A Swedish sociology professor has nominated NSA whistleblower Edward Snowden for the 2013 Nobel Peace Prize, according to reports.
In his letter addressed to the Norwegian Nobel Committee, Stefan Svallfors praised Snowden for his “heroic effort at great personal cost.”
He stated that by revealing U.S. surveillance programs, Snowden showed “individuals can stand up for fundamental rights and freedoms.”
Citing the Nuremberg trials of 1945, Svallfors notes that "'I was just following orders’ is never an excuse for acts contrary to human rights and freedoms."
He also says Snowden “save the prize from the disrepute incurred by the hasty, ill-conceived decision” to give the 2009 award to Barack Obama.
The head of the International Committee of the Russian State, Duma Aleksey Pushkov, says the U.S. won’t let Nobel Peace Prize go to Snowden.
Nevertheless, his mere nomination speaks volumes, he says:
"Not in a million years will the U.S. allow Snowden to get the Peace Prize. But his nomination is significant. Many in the West see him as a champion of democracy."
The Nobel Peace Prize has been awarded since 1901 to individuals who “shall have done the most or the best work for fraternity between nations."
The list of criteria also includes working toward "abolition or reduction of standing armies and for the holding and promotion of peace congresses.”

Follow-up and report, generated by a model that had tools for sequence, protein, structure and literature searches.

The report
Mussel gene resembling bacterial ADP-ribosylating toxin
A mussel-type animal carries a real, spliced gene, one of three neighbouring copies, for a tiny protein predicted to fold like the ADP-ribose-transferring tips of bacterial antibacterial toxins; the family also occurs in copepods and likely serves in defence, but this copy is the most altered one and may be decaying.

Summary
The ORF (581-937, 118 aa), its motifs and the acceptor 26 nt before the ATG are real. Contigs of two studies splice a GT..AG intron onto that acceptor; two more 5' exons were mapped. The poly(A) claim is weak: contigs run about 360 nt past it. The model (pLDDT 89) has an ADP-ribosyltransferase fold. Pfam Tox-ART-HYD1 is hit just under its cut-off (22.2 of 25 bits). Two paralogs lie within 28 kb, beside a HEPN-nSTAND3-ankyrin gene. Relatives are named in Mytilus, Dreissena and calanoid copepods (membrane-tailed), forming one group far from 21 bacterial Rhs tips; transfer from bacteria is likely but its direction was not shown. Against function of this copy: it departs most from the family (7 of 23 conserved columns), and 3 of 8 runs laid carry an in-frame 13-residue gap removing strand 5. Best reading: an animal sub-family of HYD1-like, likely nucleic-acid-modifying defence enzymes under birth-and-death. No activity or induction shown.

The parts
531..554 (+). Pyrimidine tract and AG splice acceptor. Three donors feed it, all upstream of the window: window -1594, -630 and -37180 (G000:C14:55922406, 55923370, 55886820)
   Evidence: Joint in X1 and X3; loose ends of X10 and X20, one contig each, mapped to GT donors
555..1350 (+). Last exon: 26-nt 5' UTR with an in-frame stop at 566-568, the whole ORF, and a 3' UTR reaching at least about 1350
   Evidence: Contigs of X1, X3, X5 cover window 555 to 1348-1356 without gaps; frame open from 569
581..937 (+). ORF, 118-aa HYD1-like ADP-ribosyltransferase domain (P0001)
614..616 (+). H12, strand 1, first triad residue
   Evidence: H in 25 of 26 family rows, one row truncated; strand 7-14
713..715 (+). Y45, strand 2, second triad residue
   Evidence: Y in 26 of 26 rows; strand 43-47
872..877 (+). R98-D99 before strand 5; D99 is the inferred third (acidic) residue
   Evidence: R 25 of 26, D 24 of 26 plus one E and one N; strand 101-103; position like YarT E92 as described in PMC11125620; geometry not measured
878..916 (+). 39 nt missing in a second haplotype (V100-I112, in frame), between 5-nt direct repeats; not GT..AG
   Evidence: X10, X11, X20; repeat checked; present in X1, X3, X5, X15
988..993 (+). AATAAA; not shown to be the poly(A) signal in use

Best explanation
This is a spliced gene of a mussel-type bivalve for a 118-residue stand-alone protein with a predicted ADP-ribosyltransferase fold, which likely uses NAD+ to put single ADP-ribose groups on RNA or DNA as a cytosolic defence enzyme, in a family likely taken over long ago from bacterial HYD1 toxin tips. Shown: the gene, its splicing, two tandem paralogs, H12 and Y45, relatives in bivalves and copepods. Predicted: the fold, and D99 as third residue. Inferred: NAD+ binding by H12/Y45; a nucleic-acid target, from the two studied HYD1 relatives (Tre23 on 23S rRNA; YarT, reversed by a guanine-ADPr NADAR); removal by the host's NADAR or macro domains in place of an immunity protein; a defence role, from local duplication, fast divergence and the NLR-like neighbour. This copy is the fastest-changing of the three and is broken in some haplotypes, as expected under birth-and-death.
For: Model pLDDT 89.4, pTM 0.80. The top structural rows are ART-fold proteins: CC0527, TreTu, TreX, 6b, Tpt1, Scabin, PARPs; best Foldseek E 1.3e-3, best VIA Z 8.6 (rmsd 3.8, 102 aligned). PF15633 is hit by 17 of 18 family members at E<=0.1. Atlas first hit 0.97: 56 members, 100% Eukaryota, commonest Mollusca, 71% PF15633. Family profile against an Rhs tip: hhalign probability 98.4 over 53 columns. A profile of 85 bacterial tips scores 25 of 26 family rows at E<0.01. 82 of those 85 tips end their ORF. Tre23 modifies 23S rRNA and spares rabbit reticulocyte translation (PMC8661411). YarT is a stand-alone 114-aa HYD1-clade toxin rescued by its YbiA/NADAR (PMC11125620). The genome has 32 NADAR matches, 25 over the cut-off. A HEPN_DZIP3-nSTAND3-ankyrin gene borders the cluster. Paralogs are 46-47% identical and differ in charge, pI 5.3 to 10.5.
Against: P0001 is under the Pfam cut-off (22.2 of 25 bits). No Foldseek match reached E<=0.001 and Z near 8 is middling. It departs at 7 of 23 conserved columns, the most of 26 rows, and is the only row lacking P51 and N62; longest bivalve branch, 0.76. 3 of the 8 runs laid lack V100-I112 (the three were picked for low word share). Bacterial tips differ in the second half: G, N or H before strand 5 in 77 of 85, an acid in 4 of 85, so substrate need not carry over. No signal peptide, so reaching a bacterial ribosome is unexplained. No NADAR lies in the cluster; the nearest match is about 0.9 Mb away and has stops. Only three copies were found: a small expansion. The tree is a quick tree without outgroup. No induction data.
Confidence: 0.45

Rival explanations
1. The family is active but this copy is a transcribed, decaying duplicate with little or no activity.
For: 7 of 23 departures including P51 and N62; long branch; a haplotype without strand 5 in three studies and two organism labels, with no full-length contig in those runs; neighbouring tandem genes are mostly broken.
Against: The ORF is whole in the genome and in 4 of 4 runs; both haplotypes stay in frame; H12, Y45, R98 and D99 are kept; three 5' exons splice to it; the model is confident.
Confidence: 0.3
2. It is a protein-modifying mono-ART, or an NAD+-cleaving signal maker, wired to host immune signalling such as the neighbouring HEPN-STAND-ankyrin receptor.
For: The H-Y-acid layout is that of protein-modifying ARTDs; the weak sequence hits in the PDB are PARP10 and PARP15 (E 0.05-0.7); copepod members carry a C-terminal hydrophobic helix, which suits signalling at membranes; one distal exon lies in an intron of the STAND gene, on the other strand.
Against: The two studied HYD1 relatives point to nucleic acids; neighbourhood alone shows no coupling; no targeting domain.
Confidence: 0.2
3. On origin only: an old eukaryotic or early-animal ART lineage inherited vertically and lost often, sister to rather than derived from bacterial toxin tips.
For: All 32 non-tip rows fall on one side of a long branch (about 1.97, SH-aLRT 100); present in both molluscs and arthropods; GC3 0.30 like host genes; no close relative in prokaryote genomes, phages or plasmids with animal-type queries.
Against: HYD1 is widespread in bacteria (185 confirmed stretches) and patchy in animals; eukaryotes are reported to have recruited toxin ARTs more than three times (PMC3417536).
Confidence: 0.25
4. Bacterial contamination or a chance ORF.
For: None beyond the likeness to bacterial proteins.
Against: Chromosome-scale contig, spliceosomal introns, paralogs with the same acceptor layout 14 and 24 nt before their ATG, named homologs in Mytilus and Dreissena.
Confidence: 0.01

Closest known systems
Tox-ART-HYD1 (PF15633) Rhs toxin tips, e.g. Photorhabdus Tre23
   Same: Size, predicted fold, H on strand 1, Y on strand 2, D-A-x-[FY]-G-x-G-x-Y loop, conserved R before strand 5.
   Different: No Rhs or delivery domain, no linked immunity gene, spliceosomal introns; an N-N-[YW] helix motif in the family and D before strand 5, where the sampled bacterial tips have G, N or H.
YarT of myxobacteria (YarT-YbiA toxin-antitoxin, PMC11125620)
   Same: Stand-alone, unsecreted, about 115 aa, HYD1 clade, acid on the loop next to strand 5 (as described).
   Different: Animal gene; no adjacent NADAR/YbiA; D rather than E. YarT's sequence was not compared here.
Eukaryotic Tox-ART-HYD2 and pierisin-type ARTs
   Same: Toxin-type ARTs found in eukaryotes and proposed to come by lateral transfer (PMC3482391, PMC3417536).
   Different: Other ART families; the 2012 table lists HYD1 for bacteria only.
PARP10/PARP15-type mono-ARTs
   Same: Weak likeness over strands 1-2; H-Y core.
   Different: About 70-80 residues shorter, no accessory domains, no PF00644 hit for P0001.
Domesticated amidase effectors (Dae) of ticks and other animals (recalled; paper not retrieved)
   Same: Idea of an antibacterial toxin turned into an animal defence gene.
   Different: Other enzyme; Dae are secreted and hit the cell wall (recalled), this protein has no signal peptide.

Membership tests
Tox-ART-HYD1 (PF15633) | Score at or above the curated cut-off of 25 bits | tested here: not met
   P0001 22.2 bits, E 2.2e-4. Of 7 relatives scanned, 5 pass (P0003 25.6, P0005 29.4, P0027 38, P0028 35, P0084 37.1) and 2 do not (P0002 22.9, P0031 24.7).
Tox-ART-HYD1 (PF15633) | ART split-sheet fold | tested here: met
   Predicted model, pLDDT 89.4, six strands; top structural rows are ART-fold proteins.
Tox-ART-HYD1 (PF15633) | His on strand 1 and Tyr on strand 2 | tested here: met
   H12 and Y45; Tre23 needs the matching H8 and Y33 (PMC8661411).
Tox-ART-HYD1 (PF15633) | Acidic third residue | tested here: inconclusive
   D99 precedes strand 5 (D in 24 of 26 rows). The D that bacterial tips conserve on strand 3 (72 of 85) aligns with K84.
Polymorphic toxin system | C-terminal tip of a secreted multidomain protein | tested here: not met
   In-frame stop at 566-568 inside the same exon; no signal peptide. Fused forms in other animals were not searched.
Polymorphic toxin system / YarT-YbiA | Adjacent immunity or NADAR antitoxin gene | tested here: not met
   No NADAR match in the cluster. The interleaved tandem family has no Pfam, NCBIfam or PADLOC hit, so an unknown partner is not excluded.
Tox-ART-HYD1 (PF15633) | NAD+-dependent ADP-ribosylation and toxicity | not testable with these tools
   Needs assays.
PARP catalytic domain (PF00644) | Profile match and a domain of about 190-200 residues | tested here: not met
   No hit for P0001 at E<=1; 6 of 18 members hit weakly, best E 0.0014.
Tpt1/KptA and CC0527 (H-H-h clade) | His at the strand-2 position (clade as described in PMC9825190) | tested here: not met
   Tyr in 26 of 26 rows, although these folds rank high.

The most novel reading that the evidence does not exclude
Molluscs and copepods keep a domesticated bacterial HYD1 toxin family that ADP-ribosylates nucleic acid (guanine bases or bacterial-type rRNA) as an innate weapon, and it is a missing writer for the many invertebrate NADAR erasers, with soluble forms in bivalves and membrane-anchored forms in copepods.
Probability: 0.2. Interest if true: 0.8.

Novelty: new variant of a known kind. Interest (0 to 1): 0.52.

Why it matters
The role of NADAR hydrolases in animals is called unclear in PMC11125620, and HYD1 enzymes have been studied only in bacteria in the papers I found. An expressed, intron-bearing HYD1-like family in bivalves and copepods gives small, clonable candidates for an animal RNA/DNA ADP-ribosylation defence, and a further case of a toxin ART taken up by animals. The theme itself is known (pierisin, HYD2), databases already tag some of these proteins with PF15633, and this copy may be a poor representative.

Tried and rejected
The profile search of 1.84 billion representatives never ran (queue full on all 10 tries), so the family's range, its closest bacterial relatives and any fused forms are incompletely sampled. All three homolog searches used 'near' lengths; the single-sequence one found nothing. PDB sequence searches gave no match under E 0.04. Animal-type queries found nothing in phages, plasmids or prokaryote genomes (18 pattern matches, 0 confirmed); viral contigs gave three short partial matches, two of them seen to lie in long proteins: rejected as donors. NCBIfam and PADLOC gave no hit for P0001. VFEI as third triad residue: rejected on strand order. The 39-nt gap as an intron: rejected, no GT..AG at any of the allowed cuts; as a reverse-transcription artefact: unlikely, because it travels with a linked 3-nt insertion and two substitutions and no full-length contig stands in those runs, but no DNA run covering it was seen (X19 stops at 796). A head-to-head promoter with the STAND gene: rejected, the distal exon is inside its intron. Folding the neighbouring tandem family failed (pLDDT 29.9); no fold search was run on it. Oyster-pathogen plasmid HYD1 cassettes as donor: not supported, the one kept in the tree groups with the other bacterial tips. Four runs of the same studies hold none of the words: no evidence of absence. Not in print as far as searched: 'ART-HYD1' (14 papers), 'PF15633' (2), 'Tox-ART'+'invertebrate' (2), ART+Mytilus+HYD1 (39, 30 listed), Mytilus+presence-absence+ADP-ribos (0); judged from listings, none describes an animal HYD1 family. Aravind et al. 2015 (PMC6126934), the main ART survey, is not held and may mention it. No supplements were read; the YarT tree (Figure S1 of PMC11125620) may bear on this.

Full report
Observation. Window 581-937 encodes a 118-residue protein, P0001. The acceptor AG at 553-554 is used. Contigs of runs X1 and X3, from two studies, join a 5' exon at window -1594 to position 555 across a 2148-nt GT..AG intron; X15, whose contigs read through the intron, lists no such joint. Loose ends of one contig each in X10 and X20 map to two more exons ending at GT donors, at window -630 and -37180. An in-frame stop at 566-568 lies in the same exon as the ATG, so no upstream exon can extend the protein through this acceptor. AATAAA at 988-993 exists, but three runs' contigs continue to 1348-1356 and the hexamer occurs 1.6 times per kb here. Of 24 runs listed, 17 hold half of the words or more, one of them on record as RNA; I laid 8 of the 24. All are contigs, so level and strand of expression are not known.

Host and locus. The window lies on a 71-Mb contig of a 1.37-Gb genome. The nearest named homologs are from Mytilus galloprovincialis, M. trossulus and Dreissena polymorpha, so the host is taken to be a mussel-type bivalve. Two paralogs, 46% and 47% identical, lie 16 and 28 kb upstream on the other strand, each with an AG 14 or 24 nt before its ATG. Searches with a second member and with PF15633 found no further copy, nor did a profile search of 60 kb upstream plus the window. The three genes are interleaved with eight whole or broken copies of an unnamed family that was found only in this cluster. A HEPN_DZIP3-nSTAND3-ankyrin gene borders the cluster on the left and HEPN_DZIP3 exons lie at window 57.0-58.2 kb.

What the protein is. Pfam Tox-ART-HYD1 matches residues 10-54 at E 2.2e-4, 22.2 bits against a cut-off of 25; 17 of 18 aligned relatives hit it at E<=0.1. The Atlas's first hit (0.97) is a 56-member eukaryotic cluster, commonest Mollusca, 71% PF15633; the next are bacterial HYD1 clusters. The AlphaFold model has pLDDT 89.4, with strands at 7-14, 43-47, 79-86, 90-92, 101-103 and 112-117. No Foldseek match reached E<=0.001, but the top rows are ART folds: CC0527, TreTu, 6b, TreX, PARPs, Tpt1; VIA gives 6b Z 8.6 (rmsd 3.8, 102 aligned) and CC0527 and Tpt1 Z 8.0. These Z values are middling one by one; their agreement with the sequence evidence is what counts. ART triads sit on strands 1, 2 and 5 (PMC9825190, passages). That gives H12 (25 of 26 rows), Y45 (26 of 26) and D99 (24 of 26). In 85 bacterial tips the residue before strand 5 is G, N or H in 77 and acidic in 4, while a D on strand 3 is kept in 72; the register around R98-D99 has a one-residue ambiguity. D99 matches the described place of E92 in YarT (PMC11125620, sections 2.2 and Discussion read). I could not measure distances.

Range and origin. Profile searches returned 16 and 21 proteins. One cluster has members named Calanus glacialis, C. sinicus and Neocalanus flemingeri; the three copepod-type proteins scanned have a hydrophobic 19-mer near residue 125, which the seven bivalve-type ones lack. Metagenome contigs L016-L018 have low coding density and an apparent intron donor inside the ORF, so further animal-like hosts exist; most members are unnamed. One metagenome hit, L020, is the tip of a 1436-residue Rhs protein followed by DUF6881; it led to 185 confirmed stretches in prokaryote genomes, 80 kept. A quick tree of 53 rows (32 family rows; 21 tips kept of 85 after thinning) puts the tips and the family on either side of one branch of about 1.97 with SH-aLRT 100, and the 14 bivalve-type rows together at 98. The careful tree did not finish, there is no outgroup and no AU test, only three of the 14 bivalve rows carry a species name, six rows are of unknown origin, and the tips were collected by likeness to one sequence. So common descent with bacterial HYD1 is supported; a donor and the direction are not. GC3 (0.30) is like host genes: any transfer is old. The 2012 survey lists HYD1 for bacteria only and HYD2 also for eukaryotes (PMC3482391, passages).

Edward Snowden isn't be the first Nobel nominee of his kind.
Just last year, Bradley Manning, the U.S. soldier accused of passing secret materials to WikiLeaks, was nominated for the Nobel Peace Prize.
In 2011, WikiLeaks founder Julian Assange was nominated.
Snowden’s nomination is expected to be reviewed by the committee for next year's prize. The 30-year-old nominee is wanted in the U.S. on espionage charges.
He fled American soil for Hong Kong in May and then flew to Moscow, Russia, where he has been stuck in an airport transit zone for three weeks.
On Friday, he said he is seeking political asylum in Russia because he cannot fly to Latin America, where he previously sought protection.